Northern European countries saw the highest house price rises in 2006, among the 40 countries monitored by the Global Property Guide (which maintains the world's single biggest collection of house price indices).
Leading the charge was Estonia with an impressive 54% house price increase in 2006. This followed average dwelling price rises of 57% in 2005, and 25% in 2004 (see table).
Estonia was followed by Denmark which experienced 23% house price rises in 2006, then by Norway (14%) and Ireland (13%). Other countries in northern Europe also had impressive house price increases, including Sweden, UK, and Finland.
Early indicators suggest that Latvia's strong house price growth will continue in 2006, following 27% house price rises in 2005. This will be verified as soon as official statistics come in.
Outside Europe, South Africa, 2004's star performer, continues to experience strong house price growth, with 2006 house price rises of 12.7%. However, this is a far cry from the 33% increases recorded in 2004, and the 17% rises of 2005.
Countries attracting immigrants are also experiencing strong property price increases, particularly Canada (11%), New Zealand (10%) and, to a certain extent, the US (8%) and Australia (6.5%).
Southern Europe, the favorite destination of second home buyers and holidaymakers, is also experiencing strong house price increases.
France experienced a 12.5% house price increase from 3Q 2005 to 3Q 2006, while Spain registered a 10% rise in 2006 and Italy 6.6%. However property prices in Portugal dipped marginally (-0.4%), following a lacklustre recent past.
Austria's housing renaissance continued, with 6.8% price increases in Vienna, after 8% price rises during 2005.
Most countries in Central Europe, however, remained unexciting. 2006 saw very small price increases in Switzerland (2.9%), Luxembourg (2.9%), Germany (2.8%) and Poland (2.2%).
The Philippine real estate market registered the highest price growth in Asia during 2006 at 11.6% (Philippine property prices had dropped most after the 1997 Asian Crisis).
Indonesia's house prices rose 8.76%, from 3Q 2005 to 3Q 2006. However Indonesian inflation was high in 2006 at 13%, so in real terms Indonesian house prices actually fell.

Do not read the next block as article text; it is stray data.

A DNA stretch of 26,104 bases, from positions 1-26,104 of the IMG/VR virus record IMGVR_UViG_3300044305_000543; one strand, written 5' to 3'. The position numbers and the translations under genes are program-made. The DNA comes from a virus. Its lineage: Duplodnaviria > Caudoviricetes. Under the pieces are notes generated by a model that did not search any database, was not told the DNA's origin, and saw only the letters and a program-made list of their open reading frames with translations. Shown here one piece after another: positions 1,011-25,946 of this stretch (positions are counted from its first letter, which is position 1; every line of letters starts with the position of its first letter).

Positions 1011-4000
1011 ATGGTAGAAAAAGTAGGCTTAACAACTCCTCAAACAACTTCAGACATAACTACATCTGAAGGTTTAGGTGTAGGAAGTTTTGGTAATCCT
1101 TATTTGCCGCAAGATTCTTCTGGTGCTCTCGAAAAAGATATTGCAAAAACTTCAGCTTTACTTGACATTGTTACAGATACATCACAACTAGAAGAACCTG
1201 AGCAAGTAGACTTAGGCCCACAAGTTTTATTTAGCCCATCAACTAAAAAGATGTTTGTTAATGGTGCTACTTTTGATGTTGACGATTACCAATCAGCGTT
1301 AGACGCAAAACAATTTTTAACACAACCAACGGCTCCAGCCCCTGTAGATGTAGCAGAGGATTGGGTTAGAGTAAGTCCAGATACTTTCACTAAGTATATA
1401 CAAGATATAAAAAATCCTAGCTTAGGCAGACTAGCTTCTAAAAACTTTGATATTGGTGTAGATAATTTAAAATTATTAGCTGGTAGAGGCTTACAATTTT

Singapore's residential property price index rose 7.6% y-o-y to 3Q 2006, the city state's highest price increase since 2000.
Malaysia and Taiwan are still muddling through, and saw only marginal price increases of 1.4% and 1.1%, respectively.
The previous strong house price growth in Thailand during 2004 and 2005 came to an end, as the political crisis spilled over to the economy, and 2006 saw house price falls of almost 1%.
Japan has not seen the end of more than a decade of property price falls. Commercial property values are rising in Tokyo and some major cities, but in the rest of the country property prices are still static.
Many more countries experienced nominal house price increases in 2006, than price falls. Yet the pace of housing price increases in 2006 was generally down on 2005.
Several countries experienced quite significant slowdowns in their housing markets, without seeing actual price falls. Countries in this category, where the price rise rate dropped by more than five percentage points, include Poland (6.6 percentage point reduction on previous rate of house price rise), US (5.6% reduction on previous rate of house price increase) and New Zealand (5.02% reduction on 2005's price-rise rate).
However, US house prices showed no actual decline in 2006, either during the year, or from one quarter to the next, according to the OFHEO house price index, despite some press reports to the contrary.
It is tempting to attribute the slowdown in many countries to interest rate rises, especially in Europe and the US.
However, other forces came into play in some countries. Israel (typically not included in most 'global' house price reports) experienced price declines in 2006 (-4%), after a recovery in 2005. The price fall can be attributed to the war with Hezbollah in Lebanon, and other political troubles.
The dramatic upsurge of Hong Kong property prices in 2003 and 2004, and sudden cooling down in 2005 and 2006, also deserve a better explanation than the usual speculative bubble theory.
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